Schedule-I of the Regulations contained provisions governing the Foreign Exchange Derivative Contracts permissible for a person resident in India; Schedule-II of the Regulations contained provisions governing the Foreign Exchange Derivative Contracts permissible for a person resident outside India; Schedule-III prescribed the procedure for approval of hedging of commodity price risk. It was prescribed by Regulation 3 that except as otherwise provided by these regulations, no person was entitled to enter into a foreign exchange derivative contract without the prior approval of the Reserve Bank of India.

91. After the issue of the aforesaid Regulations, the Reserve Bank considered the introduction of Foreign Currency-Rupee (FC/INR) options as part of their efforts in developing derivatives market in the country and in adding to the spectrum of products for hedging currency exposures. Therefore a Technical Committee was constituted, which held deliberations between July and October 2002 and submitted a report recommending a phased introduction of the product.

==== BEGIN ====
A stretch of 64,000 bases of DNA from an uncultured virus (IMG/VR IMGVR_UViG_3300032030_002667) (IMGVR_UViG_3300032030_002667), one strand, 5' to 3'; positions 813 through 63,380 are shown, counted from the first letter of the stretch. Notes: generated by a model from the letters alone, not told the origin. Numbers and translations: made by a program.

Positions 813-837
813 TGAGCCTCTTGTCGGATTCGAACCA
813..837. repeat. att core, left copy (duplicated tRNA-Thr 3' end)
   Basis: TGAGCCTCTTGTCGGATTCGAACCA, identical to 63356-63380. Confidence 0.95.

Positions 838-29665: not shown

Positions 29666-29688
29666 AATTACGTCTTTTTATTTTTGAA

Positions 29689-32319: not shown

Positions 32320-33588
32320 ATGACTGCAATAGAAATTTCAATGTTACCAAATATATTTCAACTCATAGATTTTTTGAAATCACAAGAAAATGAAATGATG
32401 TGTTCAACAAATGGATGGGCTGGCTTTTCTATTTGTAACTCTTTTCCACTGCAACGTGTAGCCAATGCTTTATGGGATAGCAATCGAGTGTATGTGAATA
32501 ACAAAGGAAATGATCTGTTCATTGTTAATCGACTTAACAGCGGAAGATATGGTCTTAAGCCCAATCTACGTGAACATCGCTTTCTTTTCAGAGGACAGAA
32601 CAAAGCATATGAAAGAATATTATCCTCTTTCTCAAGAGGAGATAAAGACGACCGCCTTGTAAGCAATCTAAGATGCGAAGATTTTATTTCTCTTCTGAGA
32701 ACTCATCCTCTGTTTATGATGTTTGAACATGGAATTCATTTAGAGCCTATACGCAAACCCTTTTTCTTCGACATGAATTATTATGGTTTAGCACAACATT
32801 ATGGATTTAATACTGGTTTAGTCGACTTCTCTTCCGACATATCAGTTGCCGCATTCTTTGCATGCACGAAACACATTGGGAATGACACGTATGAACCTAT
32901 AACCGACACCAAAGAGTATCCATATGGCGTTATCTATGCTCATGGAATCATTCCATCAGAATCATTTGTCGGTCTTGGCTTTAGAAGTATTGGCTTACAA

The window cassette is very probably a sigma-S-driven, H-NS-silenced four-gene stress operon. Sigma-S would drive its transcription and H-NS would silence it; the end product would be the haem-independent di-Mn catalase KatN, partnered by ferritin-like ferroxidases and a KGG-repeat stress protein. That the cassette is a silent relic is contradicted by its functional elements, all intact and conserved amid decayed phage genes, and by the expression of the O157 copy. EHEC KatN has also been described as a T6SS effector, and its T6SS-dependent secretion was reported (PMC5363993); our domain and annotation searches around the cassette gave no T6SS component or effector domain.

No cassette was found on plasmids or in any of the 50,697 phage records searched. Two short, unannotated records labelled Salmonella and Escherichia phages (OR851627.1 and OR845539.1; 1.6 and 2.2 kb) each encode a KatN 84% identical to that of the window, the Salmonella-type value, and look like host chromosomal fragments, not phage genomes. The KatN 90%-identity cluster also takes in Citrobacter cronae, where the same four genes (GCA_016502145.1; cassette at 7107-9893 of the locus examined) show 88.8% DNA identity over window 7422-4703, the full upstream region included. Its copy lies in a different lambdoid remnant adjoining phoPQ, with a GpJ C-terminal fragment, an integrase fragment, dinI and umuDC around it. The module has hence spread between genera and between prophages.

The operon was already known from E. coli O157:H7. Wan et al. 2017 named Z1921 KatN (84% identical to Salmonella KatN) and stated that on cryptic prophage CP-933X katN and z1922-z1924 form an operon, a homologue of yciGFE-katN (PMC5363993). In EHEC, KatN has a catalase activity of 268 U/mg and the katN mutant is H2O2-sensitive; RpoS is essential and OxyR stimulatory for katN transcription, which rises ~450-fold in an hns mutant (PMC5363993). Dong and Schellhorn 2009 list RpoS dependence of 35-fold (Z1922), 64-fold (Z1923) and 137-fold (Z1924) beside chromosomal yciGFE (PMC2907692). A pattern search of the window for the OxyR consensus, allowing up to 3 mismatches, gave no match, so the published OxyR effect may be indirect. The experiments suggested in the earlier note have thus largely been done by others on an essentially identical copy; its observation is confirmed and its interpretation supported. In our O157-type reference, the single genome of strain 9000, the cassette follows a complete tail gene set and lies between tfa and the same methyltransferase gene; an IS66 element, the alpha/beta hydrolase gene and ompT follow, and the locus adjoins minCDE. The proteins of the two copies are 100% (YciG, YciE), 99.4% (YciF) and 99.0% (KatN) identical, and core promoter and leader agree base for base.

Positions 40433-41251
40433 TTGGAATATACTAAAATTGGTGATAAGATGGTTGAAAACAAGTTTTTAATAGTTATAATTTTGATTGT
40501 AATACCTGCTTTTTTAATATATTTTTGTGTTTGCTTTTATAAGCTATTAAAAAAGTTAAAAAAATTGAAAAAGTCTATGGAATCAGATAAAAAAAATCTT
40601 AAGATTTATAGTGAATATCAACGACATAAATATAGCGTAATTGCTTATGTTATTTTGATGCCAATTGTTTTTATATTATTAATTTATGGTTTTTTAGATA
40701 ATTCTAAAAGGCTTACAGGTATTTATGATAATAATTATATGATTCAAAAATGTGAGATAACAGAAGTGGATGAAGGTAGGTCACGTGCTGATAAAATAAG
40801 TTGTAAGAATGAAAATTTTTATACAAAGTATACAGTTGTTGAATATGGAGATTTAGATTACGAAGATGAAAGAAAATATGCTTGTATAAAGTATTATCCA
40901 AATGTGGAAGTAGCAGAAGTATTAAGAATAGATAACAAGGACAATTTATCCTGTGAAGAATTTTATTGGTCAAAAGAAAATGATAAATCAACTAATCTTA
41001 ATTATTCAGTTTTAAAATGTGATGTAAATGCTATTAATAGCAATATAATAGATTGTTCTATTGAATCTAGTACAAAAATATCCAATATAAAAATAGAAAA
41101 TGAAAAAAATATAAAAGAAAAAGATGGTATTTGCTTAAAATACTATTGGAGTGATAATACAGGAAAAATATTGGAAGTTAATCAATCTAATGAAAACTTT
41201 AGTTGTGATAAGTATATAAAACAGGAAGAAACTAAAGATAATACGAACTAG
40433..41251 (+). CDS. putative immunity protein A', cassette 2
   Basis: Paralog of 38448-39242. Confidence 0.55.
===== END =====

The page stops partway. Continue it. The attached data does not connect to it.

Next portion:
92. In the pre liberalisation era, a simple and much restricted foreign exchange forward contract was the only derivative product available. But post liberalisation, the Reserve Bank started allowing a variety of products. They are (i) Cross Currency Options to hedge exposures arising out of trade (ii) Foreign Currency Interest Rate Swap / Forward Rate Agreements / Interest Rate Options / Swaptions/Caps to hedge interest rate and currency mismatches and (iii) Commodity Futures/Options to cover commodity exposures from overseas exchanges.